(CBS) — Major league baseball will take a hard look during the off-season at time of game and eliminating needless delays by both the pitcher and hitter.
Average time of a game has risen to an all-time high average of 3 hours and 2 minutes in 2014. This average time of game is up almost 20 minutes per game since 2000.
Many people blame the length of game on the continuous adjustment of equipment (gloves, hats, practice swings) between each pitch. Others look at pitchers walking around the mound and grabbing for the rosin bag every other pitch. These are certainly correctable problems that could shave 5-7 minutes off of the average.
“It is just their routine,” said Cub manager Rick Renteria, referring to hitters habitually stepping out of the box. “That is their whole thought process of what they do as a part of their at-bat. Not everybody steps out after every pitch. Remember, with runners on base, the batter has to step out to look at the coaches’ signals. In that process, some guys readjust their batting gloves and some guys don’t.”
The real culprit may be the extra television ads that are being sold around the local TV games. Just add 1 minute of ad inventory per inning, and you can find those 20 minutes you have lost in time of game.
What is the solution to this problem? Blaming the players appears to be the answer. Are teams going to tell TV partners not to sell more inventory? You can bet all of your per-cap spending money, the answer is “no way.”
Local television revenue is driving the sport. Take a look at the Dodgers’ 20-year deal that pays them between $4 billion and $5 billion. That’s right – billion. You must try to comprehend that the Dodgers sold three years ago for $2 billion, or more than double of any previous sale of a major league team. That sale was predicated on the TV revenues that were awaiting the new owners.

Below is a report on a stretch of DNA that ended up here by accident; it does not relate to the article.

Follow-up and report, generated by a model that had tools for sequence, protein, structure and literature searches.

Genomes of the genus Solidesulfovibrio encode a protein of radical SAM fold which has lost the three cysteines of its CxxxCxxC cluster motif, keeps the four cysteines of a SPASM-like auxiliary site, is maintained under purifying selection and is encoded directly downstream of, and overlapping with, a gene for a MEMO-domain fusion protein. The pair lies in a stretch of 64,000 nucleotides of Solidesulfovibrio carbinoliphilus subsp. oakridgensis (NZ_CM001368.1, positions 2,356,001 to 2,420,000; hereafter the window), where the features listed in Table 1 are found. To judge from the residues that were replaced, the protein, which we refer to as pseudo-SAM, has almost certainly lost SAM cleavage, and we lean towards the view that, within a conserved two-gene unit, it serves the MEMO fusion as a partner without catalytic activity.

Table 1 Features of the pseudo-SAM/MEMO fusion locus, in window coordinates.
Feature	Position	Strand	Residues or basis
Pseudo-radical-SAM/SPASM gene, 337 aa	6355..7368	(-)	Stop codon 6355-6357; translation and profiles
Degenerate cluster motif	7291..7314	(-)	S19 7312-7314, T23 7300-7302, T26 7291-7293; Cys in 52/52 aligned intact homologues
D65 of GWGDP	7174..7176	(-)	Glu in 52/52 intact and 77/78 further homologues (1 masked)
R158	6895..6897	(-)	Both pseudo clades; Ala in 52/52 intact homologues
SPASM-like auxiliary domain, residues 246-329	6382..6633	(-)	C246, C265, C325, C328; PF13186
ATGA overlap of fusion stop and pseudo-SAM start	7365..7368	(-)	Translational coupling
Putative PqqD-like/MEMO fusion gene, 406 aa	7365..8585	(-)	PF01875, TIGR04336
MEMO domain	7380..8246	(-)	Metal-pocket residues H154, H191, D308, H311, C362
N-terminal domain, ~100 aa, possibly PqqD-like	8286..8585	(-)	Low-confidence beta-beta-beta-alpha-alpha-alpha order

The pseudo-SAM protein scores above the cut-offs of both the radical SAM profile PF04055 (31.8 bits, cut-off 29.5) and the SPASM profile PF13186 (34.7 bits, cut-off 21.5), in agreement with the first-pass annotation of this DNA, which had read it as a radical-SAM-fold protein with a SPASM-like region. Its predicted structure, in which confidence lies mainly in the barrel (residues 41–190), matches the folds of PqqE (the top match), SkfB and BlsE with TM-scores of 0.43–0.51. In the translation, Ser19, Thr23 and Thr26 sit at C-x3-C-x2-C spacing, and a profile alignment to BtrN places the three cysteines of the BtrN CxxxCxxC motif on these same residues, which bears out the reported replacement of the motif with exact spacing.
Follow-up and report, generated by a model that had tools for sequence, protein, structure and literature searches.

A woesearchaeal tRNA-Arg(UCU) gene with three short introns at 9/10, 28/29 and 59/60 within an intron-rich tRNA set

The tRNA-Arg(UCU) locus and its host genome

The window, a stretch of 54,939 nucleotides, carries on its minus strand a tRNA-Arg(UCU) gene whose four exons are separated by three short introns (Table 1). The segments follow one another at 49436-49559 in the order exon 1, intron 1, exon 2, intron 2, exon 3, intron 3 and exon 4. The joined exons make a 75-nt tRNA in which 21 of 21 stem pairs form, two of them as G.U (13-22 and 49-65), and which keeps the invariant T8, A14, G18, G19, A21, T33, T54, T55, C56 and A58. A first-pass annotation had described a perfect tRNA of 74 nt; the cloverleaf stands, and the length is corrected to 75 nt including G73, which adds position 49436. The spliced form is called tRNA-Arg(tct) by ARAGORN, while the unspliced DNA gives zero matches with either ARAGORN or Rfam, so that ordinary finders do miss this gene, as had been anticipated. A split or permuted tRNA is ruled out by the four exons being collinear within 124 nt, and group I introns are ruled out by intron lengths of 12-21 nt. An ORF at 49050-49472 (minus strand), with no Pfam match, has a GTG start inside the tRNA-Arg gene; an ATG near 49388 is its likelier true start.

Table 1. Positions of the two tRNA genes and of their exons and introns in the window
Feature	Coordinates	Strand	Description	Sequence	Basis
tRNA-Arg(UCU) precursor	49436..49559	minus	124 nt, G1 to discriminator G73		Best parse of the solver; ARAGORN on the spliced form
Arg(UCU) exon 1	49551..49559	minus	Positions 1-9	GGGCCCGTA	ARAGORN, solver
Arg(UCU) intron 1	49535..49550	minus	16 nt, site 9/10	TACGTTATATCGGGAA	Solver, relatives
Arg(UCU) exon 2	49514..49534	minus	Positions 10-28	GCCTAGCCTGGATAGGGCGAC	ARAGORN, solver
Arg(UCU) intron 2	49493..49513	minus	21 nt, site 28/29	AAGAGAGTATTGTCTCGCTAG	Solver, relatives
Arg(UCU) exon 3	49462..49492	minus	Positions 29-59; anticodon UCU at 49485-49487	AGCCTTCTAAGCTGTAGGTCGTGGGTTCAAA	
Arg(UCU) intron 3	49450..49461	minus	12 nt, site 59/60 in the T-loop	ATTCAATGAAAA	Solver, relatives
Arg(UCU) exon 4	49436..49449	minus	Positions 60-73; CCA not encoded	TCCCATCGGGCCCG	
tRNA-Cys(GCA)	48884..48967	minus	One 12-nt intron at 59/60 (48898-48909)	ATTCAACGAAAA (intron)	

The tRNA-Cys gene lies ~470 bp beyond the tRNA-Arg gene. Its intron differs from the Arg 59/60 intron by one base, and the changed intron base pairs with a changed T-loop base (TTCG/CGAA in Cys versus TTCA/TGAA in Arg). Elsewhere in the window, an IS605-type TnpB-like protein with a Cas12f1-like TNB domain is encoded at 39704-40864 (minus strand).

Here in Chicago, the Cubs expect to average $1 million per broadcast by the time they either start their own TV station or sell the rights in 2020. A 20-year deal will net the Cubs $3 billion to $4 billion using their numbers.
Let’s not be hypocrites about this time of game issue. Yes, replay has added some time on games. That can be refined with some common-sense changes. You can let managers appeal from the bench three times a game with no penalty.
The major problem baseball has is attention disorders of the average American sports fans. They want their sports fast and they want to know how long the event will take. It is common to watch Chicago fans on both sides of town leave games that are approaching three hours after the seventh-inning stretch.
They are leaving with their team in front, their team trailing and in tie games. In other words, baseball needs to deliver a faster product? How do they get there? Your guess will be better than mine.